Saturday, September 20, 2014
This weekend my wife and I found ourselves heading south to Birmingham so that she could play fairy godmother at the baptism of our friends' cute new baby. As if that wasn't exciting enough on its own, I also managed to talk my way into a lunchtime pit stop (pun very much intended) at Big Bob Gibson's in Decatur, Alabama.
Here's a little bit of history for context. Bob Gibson started selling barbecue nearly 90 years ago from a makeshift table of wooden planks nailed to a tree in his backyard. Bob's signature white barbecue sauce was a huge part of his continually-rising success. Now-renowned pitmaster Chris Lilly married into the Gibson family, and in 1992 he joined their barbecue operations as well. With Chris's help, Big Bob Gibson developed a new red barbecue sauce that rivaled their famous white sauce. Since then, these guys have won too many competition awards to list, including Memphis in May, the Jack Daniel's World Championship Invitational, numerous state championships, etc, etc.
I've seen Chris Lilly compete on television countless times, and I even have one of his cookbooks (Fire & Smoke) on my shelf at home. I'm also pretty stoked to watch him and his team compete at the upcoming Jack Daniel's competition in Lynchburg next month. I was certain that it wouldn't be Chris at the helm today, and I realize that competition barbecue is vastly different from its restaurant-quality cousin. With that in mind, I made sure to temper my expectations appropriately.
Given Big Bob Gibson's fame and popularity, I was expecting a hefty Saturday lunch crowd, but we walked in and got a booth at 12:30 with no wait at all. This place has kind of a diner vibe going on. Their awards are prominently displayed right as you walk in the door, and most of the wood-paneled walls are covered with framed articles from Southern Living and the like. There's no need to be humble when you have their credentials.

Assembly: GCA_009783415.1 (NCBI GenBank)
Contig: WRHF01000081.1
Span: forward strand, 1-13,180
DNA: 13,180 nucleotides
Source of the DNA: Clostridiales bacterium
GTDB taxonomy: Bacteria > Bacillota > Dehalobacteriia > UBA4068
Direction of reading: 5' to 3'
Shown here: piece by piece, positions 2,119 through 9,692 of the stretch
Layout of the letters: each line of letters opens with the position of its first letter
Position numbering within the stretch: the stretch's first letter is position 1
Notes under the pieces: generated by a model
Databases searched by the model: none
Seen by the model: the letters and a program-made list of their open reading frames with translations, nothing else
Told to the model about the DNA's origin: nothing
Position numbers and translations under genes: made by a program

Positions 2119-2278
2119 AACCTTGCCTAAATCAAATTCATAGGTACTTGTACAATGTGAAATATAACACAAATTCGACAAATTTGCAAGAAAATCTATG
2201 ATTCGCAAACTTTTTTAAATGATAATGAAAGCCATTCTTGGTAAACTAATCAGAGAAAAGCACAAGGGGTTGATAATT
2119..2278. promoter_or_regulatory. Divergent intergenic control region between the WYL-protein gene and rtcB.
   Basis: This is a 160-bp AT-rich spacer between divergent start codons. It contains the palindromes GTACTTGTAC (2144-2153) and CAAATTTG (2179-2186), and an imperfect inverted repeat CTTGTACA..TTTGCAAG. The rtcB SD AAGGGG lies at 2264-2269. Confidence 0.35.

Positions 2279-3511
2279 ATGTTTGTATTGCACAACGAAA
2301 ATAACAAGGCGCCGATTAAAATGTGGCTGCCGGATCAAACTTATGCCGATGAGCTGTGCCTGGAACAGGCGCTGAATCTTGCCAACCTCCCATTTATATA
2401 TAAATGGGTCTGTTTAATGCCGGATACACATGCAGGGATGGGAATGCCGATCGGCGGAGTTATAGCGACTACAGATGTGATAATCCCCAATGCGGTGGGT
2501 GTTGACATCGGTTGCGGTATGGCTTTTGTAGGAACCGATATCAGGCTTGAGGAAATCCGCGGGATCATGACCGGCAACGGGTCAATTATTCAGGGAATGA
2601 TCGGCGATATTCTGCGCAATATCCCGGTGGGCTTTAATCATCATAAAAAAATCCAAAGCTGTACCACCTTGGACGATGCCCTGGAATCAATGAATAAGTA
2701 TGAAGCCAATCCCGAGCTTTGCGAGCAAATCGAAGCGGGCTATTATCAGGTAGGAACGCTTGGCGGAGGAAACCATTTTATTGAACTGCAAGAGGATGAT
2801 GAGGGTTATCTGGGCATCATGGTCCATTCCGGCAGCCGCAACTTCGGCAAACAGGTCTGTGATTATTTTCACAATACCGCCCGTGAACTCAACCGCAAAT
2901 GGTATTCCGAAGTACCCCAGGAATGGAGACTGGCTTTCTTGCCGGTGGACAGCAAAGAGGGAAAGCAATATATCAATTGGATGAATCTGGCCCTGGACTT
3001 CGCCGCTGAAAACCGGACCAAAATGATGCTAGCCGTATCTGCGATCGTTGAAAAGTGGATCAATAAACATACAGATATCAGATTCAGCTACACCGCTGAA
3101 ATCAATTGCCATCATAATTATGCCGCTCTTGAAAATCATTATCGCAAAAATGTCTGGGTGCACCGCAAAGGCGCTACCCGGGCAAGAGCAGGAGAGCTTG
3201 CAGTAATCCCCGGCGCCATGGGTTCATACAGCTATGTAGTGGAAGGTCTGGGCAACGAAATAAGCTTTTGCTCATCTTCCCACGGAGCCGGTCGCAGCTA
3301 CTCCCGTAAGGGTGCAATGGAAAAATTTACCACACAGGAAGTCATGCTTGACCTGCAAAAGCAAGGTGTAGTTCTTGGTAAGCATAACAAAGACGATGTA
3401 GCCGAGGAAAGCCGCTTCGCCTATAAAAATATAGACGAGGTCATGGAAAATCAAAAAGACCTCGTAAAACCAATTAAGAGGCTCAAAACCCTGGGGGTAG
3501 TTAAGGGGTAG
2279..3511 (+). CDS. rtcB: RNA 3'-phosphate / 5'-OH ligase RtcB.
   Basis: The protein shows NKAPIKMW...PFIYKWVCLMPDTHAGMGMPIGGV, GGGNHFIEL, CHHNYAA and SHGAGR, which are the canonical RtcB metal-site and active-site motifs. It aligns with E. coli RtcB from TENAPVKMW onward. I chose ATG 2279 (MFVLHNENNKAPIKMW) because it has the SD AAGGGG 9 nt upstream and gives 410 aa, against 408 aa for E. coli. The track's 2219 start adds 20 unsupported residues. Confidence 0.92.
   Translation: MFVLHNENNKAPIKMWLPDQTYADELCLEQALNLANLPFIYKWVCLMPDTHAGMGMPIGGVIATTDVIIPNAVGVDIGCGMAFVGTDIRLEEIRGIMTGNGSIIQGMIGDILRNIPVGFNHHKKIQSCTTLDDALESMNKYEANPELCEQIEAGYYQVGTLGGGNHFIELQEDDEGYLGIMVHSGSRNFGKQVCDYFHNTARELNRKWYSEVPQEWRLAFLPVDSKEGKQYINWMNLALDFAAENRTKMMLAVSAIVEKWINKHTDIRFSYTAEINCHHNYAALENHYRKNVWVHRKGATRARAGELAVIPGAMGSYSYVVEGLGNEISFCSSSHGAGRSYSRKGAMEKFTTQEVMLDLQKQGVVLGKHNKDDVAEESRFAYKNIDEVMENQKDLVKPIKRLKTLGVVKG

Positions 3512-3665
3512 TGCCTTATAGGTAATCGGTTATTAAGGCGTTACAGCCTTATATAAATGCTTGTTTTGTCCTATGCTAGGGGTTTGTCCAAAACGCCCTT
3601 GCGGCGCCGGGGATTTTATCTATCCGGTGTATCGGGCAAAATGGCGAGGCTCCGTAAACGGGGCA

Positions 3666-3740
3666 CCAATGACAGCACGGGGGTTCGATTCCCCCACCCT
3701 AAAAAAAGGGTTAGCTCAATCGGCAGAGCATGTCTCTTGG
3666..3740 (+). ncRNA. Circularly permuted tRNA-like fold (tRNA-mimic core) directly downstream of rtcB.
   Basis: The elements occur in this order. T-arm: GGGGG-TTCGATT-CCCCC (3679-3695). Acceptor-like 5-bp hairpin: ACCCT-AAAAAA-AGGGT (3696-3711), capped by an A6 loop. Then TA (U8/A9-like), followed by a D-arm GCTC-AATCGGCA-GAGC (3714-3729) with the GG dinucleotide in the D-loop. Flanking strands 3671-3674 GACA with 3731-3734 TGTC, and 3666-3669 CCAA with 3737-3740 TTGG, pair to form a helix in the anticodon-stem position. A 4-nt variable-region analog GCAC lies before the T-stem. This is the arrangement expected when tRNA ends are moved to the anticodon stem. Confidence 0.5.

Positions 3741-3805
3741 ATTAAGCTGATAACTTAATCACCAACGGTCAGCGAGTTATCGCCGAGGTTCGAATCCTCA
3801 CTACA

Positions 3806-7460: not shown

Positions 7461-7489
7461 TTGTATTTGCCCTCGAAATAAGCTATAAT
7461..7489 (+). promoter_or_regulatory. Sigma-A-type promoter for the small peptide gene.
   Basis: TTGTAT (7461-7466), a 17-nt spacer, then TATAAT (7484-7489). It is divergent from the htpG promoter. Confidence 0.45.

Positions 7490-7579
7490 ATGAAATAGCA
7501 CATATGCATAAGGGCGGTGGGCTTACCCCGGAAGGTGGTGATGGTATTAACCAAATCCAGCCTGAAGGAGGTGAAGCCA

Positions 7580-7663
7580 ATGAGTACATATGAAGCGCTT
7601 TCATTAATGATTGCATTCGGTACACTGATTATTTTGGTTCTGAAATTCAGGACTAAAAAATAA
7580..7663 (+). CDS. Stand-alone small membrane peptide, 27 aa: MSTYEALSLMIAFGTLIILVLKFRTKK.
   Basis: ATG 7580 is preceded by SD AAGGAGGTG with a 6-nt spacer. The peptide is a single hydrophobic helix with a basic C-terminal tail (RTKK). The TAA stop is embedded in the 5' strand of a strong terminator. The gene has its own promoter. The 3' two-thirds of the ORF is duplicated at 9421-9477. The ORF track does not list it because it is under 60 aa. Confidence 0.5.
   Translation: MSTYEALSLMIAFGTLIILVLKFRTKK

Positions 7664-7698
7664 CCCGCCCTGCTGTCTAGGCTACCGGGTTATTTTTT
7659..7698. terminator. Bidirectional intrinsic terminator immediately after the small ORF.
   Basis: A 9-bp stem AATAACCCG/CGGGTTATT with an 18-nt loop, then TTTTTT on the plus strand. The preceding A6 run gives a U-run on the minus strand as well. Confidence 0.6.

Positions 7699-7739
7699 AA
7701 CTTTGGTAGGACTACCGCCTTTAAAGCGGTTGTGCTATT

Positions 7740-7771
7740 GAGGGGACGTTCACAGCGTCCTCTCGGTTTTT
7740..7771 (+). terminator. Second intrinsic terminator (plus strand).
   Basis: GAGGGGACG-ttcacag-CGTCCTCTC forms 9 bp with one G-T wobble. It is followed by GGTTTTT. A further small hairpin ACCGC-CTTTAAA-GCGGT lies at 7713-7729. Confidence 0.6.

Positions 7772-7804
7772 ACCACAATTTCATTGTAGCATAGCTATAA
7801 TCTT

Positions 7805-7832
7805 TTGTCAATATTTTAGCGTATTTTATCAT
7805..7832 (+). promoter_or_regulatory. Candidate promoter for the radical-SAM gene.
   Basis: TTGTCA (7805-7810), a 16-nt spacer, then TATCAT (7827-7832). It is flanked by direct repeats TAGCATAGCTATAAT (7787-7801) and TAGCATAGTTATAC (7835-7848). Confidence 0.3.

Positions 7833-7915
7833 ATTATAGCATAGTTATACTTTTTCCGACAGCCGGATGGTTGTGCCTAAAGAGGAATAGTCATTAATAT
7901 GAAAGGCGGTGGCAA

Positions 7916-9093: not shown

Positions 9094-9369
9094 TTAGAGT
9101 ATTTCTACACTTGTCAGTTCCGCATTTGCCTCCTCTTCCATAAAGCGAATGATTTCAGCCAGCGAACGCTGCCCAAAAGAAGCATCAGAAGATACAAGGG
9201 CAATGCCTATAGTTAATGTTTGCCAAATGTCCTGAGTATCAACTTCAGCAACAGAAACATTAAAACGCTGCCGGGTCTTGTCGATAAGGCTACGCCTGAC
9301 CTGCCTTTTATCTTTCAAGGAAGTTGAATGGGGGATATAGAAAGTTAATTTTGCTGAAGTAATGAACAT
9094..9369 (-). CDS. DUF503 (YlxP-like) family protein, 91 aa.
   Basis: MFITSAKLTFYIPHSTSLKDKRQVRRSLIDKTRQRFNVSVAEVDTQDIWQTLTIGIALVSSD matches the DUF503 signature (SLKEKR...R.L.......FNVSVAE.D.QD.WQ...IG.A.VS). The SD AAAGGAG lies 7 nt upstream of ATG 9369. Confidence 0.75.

Naturally, I went for the Big Bob Gibson combo: St. Louis-style spare ribs and a quarter chicken. This way I'd get to try both their red and white barbecue sauces. I'm not normally a big sauce guy, but I made an exception today. For my sides, I picked their red skin potato salad and kettle baked beans.
The beans were nice and sweet. I found a few bits of pepper mixed in, but I couldn't find any spiciness. The mayo-based potato salad was also fairly tasty. It had a hefty amount of onion, which gave it a good bite. These were both decent sides, but nothing all that special.
I was expecting to have my chicken pre-dunked in white sauce, like it is in every television show about Big Bob Gibson's I've ever seen. When I asked the waitress about it, she instead pointed me to the bottle of white sauce on the table. Really? Who knows how long that's been sitting there? The room-temperature bottled sauce didn't come out as thinly as I had hoped. At least it had a nice vinegary tang to it. The chicken had a crispy skin, though it could have been seasoned a little more. I got dark meat so it didn't dry out very much. There was only a mild smoky taste here. I think I liked the sauce more than I liked the chicken, which is an unusual thing for me to say.
For my money, St. Louis-cut ribs are the only way to go. These had a sweet glaze and a good crust, though not much bark. I liked the seasoning blend on the crust too, but there wasn't enough of it. Just like with the chicken, I only found a minimal amount of smoke in the ribs. I was also disappointed that the meat fell right off the bone with almost no effort on my part. Properly cooked rib meat should stay put until each subsequent bite, not come off all at once. I added their "championship" red sauce just for kicks. It came from a bottle on the table too, so my expectations were low. It was good, but there wasn't anything that jumped out at me as overwhelmingly delicious. I've had grocery store barbecue sauces that tasted about the same.